I had been pricing November butterflies for several days the end of last week and the beginning of this week. November was going to be the month I increased my preferred butterfly trade by another three contracts. On the morning of Tuesday, September 25, I saw an opportunity to buy my November butterflies for what I had determined would be a good price. I put the order in below the mid and was lucky enough to get a good fill. Although perhaps I should wait until this trade is closed before I determine whether that was a lucky event?

I start my butterflies with the middle, sold strike below the market and add in-the-money calls to flatten out upside risk. I did something else that I always do lately. I immediately bought an extra long out-of-the-money put position.

Why is buying an out-of-the-money something I regularly do, particularly since the butterflies, the profit engine of this combination trade are already bearish by nature of where I start them? Probability or just plain conjecture tells us that when implied volatilities are at levels from which they typically reverse, they're more likely to go up than down. Volatility measures have definitely been at levels from which they usually reverse upward. That didn't mean that they would this time, as we well know from these long months of markets grinding upward while volatility levels stay low. I've been buying those extra out-of-the-money puts for a long time, subsidizing someone else's profits. However, we're talking about probabilities.

Usually implied volatilities rise when equities are rolling lower. Traders and investors are scrambling to buy options, often out-of-the-money puts. With more demand, their price goes up as implied volatilities are rolled upward.

A butterfly position tends to be hurt when implied volatilities expand. So does an iron condor. For those who like to think in terms of the Greeks of a trade, both types of trades are negative vega trades. Vega measures how much a trade's value will change with each 1-unit change in implied volatilities. When the vega is negative, the trade is hurt by that much when vega rises. So, I'm trying to protect my trade against volatility changes as much as I am against price changes. In the beginning, at least, the volatility risk is the bigger risk unless prices change hugely.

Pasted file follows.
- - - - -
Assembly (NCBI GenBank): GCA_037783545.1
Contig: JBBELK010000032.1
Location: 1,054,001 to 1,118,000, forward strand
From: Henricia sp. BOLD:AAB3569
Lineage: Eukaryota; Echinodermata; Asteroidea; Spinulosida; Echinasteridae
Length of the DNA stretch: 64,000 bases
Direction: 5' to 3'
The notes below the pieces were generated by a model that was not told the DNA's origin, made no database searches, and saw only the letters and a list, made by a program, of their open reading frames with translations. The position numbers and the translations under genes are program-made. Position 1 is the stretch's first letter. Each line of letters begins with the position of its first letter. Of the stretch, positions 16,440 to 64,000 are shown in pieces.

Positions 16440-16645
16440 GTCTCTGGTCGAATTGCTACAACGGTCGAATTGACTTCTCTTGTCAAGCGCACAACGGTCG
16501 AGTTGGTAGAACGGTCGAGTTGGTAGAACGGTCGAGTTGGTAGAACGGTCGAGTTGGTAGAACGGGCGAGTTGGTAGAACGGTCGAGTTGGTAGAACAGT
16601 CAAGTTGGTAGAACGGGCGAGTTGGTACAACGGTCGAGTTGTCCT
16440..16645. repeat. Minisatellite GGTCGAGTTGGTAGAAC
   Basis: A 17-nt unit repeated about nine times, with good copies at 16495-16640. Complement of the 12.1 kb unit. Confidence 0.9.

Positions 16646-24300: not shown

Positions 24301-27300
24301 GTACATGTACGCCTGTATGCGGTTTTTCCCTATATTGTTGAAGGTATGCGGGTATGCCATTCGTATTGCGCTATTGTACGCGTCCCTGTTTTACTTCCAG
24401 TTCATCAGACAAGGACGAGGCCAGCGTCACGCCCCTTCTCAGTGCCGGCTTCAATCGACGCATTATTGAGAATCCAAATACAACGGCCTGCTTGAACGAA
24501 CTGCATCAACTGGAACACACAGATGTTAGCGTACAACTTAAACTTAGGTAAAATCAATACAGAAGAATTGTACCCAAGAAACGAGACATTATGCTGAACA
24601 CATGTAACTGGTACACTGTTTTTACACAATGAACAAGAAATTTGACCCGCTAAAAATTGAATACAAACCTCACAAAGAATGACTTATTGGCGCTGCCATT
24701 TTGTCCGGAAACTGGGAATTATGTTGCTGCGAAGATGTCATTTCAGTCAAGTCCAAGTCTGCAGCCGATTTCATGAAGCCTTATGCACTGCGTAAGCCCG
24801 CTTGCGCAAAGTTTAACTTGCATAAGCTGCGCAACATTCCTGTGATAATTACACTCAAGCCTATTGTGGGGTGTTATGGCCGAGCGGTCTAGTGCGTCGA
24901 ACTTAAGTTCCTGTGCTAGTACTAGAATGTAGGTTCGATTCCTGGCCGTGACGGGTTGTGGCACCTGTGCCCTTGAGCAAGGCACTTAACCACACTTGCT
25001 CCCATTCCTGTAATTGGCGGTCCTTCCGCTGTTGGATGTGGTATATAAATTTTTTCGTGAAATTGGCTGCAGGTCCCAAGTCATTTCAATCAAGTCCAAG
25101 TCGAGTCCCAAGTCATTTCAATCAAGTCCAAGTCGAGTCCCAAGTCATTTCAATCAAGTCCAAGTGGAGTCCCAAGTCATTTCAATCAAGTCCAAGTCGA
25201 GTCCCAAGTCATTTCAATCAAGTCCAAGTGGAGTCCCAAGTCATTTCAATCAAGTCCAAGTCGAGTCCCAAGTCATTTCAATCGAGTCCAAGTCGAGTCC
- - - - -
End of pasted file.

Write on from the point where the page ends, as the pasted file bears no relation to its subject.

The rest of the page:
Long puts and calls are positive vega positions. Adding them to a trade such as an iron condor or butterfly raises the vega. It's not quite so negative. The position isn't hurt as much by a rise in implied volatilities. Since a rise usually occurs in occurrence with a drop in prices, it makes more sense to buy the put than the call.

Therefore I dutifully bought an extra RUT NOV 780 put as soon my butterfly trade had filled. The put was out of the money, of course. I spent $4.90 for the single extra contract I bought.

By the end of the next day, the RUT had dropped more than three standard deviations from the point at which I had entered my trade. That's a big move. Implied volatilities had risen. My butterfly trade, however, was theoretically down only $89.99, including commission costs to enter and exit the trade. In other words, the options themselves were profitable: the trade just hadn’t quite made back the cost of the commissions.

However, without that extra long option, the trade would have been down $350.01. The extra long option, now worth $9.30, had made the difference.

Would that single extra long put have protected my position from all losses if the RUT had kept barreling lower that day or the next day? No, but it served its purpose, which was a dual one for me. It stabilized the trade long enough for me to make calm decisions about whether the trade needed adjustment. It served as Armageddon insurance, so that if Wednesday morning's drop had been a jaw-dropping one, I would not have lost all the money invested in the trade. At some point, that extra long would have meant that the profit-and-loss curve turned up again as prices went lower.

I don't anticipate financial Armageddon. If I really feared that, I would be buying gold bars and not trading options. However, having placed a 60-contract SPX iron condor trade the day before the Flash Crash, I've been close enough that I want protection. Having that insurance allows me to sleep at night. Furthermore, it allows me to trade month after month, and even to increase the size of my trades as I think appropriate.